BRIC nations have underlying assumptions required to ensure that they achieve the predicted economic growth (Bell, 2011). On this note, the BRIC countries must formulate favorable economic policies and develop institutions that support business growth to counter their challenges (Bo, 2014). These factors include improving the rule of law, combating corruption, trade openness, and accountability (Jadhav, 2012). Risks could inevitably erode investors’ profits (Eyring, Johnson, & Nair, 2011).
Major opportunities for BRIC nations exist in various spheres. For instance, they all have a large population of the rising middle class. These populations generally have disposable incomes and, therefore, can spend surplus incomes. BRIC nations have relatively cheaper labor (Radulescu, Panait, & Voica, 2014). However, this situation is most likely to change; for instance, in China, workers have continued to demand higher wages and costs of doing business have continued to rise significantly. Besides, BRIC nations also have a highly educated workforce. Cultures in these countries differ.
Brazil has more than 192 million people with extremely diverse cultural backgrounds, races, and classes. Brazilian culture depicts confidence, and it is well noted in their business practices. Today, however, many analysts believe that Brazil has become expensive for manufacturing while the business environment remains expensive. Nevertheless, there are opportunities for growth. Businesses may incur higher operational costs while Brazil continues to improve on the ease of doing business. The country’s financial sector has grown significantly after the 1970s and 1980s financial difficulties and hyperinflation.
Apart from the rising costs of doing business and corruption, Brazil’s political risk has continued to ascend steadily. Specifically, “political violence, government interference, and sovereign non-payment risk” (Shires, 2014) have continued to rise in BRIC countries. Brazil’s economic performance has weakened while political risks have escalated from the moderate level as the government moves toward controlling the economy. In addition, the noted demonstrations against the current regime and runaway corruption have also increased the country’s risks. These situations raise concerns about the 2016 Olympics.
Russia is vital as the center of the former Soviet Union. While the country has abundant natural resources, many foreign investors have complained about the difficulties of doing business in Russia. Its large consumer base and rising middle-class present opportunities for investors. Today, however, Russia continues to struggle to attract foreign investors to assist in developing the high-tech industry, transforming the economy and establishing an international financial hub in Moscow. These are real opportunities for foreign investments eyeing one of the BRIC nations.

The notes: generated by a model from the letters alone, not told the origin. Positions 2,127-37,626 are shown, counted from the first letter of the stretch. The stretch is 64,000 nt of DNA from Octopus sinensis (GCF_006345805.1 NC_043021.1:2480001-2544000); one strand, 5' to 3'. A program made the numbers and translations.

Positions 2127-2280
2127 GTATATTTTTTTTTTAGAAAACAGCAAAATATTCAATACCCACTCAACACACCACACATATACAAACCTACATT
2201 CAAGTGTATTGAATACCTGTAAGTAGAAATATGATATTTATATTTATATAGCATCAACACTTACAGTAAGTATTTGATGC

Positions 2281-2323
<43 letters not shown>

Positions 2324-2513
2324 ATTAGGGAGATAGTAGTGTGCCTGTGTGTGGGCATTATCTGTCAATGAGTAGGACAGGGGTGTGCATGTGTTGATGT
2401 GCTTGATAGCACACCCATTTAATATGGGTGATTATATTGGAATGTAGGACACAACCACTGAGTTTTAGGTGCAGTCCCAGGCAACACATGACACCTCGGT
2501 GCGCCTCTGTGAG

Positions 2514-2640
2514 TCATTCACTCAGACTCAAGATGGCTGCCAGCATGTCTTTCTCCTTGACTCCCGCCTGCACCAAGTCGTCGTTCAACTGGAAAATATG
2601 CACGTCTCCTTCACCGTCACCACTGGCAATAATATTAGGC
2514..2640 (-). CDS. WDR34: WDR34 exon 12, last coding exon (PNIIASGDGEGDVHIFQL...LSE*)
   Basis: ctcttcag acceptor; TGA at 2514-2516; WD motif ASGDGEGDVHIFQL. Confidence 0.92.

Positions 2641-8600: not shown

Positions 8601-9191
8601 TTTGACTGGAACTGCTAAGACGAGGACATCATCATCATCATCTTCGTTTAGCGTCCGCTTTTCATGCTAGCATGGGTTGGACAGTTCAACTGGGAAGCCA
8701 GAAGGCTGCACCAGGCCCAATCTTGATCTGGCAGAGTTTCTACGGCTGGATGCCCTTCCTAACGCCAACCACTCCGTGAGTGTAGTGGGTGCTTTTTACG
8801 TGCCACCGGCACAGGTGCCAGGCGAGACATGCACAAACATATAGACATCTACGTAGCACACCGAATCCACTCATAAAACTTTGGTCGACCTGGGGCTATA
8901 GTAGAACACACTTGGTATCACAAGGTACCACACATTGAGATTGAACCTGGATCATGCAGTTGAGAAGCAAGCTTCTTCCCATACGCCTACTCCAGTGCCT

Natural resources have continued to dominate the economy, but Russia has also focused on infrastructure development and modernization. Besides, Russia continues to cooperate with neighboring nations such as Belarus and Kazakhstan, to enhance accessibility and ease custom union processes.
Russia, however, faces serious political risks because of its alleged role in fueling the war in Ukraine, the annexation of Crimea, the US and the European Union sanctions. The country’s economy may collapse because of these factors. Political strains and the leadership focus on geopolitical factors at the expense of investment have aggravated an already poor operating business environment. In addition, the government has introduced new rules on exchange transfers, which present risks for new capital controls and investments. The Russian government is continuously dominating the economy. As a result, Russia is experiencing economic policy deadlock with negative repercussions on investments, which could escalate political violence.